Saturday, September 3, 2011

Bronte Capital: Risk management and sounding crazy

I have heard people say - even now - that Carson was sloppy and breathless in his allegations. He was not. He was right. Dismissing him as sloppy and breathless is in itself sloppy and breathless. Indeed siding with conventional sounding language, conventional sounding reason lost you a lot of money in the Sino Forest case. It was better to side with Carson - the seeming madman.

This happens again and again and again. If you have very non-conventional views - even if they are well supported - even if they are right - if you spell them out plainly you will be thought of as a madman because your views sound outrageous.

But a hedge fund manager has it easier than the scientist. The scientist would be ostracized for the views. A hedge fund manager just makes lots of money. If you are right and nobody believes you then there is a chance to make mega-spondulick$. Indeed by far the strongest opportunities for making really good returns come from doing something original. I shudder to think how much Carson and his backers made on Sino Forest but I think we could safely measure it in lifetimes of average earnings.

There is however a problem with this: a portfolio manager who sounds mad may indeed be mad. Even if they are not mad the market may be wrong longer than they can be solvent. Which brings me to the schizoid character of a really good money manager or money manager team. It is highly rational but it appears like controlled insanity. You need the slightly crazy idea-driven maniac who is prepared to think outside the box and you need someone to button them down, to make them appear reasonable and to act reasonable.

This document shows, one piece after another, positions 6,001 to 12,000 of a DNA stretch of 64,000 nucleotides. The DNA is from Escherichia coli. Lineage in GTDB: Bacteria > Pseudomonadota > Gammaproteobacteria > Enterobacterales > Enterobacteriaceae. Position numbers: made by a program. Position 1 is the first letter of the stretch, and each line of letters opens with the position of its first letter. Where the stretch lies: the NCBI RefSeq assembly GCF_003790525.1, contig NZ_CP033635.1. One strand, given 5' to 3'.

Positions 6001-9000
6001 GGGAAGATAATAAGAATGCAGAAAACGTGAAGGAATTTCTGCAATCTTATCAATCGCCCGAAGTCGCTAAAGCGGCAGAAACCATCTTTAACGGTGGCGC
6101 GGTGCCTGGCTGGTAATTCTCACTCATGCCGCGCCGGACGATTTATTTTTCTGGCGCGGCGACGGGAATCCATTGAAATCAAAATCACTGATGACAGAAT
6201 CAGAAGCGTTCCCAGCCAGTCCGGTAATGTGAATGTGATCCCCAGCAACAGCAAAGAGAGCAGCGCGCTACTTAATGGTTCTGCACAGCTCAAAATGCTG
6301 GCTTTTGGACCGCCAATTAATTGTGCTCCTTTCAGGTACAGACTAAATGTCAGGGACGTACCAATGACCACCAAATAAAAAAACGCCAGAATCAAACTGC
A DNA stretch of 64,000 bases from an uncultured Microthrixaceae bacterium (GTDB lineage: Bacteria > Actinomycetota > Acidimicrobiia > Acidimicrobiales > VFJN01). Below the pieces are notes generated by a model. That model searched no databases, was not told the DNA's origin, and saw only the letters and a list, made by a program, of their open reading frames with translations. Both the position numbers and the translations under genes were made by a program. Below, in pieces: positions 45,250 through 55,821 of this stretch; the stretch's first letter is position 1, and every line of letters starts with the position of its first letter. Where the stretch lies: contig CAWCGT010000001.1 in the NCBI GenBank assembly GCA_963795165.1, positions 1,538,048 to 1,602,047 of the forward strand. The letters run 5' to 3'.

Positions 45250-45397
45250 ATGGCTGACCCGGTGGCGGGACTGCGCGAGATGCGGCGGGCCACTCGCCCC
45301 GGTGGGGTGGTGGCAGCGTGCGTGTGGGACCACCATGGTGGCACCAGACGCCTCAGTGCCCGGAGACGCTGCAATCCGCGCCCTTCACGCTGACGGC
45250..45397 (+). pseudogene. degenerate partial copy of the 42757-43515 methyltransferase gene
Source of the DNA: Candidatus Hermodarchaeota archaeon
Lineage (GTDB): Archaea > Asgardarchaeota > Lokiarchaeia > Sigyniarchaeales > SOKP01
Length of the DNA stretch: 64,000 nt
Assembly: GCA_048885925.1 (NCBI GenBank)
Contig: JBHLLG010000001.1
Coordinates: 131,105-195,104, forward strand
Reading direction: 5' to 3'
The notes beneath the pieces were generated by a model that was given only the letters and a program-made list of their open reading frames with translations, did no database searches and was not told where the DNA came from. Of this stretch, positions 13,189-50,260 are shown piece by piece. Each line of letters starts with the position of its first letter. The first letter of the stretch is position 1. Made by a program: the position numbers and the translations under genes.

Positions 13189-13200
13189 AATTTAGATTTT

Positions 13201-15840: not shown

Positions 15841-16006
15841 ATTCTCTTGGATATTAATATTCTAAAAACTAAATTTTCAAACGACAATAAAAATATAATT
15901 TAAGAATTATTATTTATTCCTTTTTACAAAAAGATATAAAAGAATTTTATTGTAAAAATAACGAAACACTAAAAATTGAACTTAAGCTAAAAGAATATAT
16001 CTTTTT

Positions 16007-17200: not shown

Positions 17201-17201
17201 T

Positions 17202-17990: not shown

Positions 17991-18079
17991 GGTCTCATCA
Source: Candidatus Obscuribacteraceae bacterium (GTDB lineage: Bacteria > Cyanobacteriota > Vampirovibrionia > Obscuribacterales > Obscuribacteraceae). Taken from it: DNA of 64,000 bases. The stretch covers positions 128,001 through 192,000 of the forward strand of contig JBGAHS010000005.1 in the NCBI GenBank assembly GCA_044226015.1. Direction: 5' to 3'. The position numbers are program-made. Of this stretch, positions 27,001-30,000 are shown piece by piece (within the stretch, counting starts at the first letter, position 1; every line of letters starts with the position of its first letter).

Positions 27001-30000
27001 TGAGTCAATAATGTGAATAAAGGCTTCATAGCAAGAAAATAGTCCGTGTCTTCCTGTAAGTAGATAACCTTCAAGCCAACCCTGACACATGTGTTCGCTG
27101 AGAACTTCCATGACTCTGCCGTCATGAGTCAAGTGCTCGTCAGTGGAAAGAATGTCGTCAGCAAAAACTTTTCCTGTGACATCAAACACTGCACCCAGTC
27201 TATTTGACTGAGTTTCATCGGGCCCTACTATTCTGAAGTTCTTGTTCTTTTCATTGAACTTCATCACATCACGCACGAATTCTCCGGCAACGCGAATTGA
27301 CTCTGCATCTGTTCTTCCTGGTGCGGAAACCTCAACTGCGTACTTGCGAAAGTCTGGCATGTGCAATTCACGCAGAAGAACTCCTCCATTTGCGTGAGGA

Sometimes the two people are in the same body (I know a few of these people and some are not pleasant people because they are so strangely strung). In Bronte's case they are in different bodies with my business partner appearing much more socially, intellectually and even politically conservative than me. We are an odd-couple rather than an odd person.

All this leads me to wondering about Warren Buffett - the greatest fund manager of them all. He is an unusual individual with strange personal predilections. But he sounds so rational. And he is amazingly self-controlled. Indeed his ability to sit on billions of dollars excess cash for years and years at a time waiting for the time to pounce is legendary and extraordinarily hard to duplicate. Buffett says that temperament is more important than brains in investing and I think this is what he means. But it is often Buffett against the world. Buffett is thought of as a has-been by many people. It doesn't matter whether he was avoiding tech stocks in 1998, 1999 and 2000. It does not matter whether he was buying Bank of America now. He is - of course - just mad.

The madness is an important part of how Buffett made all that money. But the self control is - I think - more important.

When we meet clients I do all the talking. Some people have even wondered why I am with Simon (my business partner). We fundamentally have nothing in common. But there is a reason... he is the best control mechanism I have ever found. It took me a long time (and some losses) to realize I even needed one - he has the temperament. But if the career of Warren Buffett is a guide (and I think it is) then to make money over very long periods you need an ability to think right outside the box and a lot of self-control. The self-control is what most people think of as the risk management.

I don't know how you judge the yin-and-yang of this - and I don't know how you pick the individuals or the teams that have it. But when you see two guys who present themselves as partners but one is voluble and one is quiet then make your assessments of the quiet one.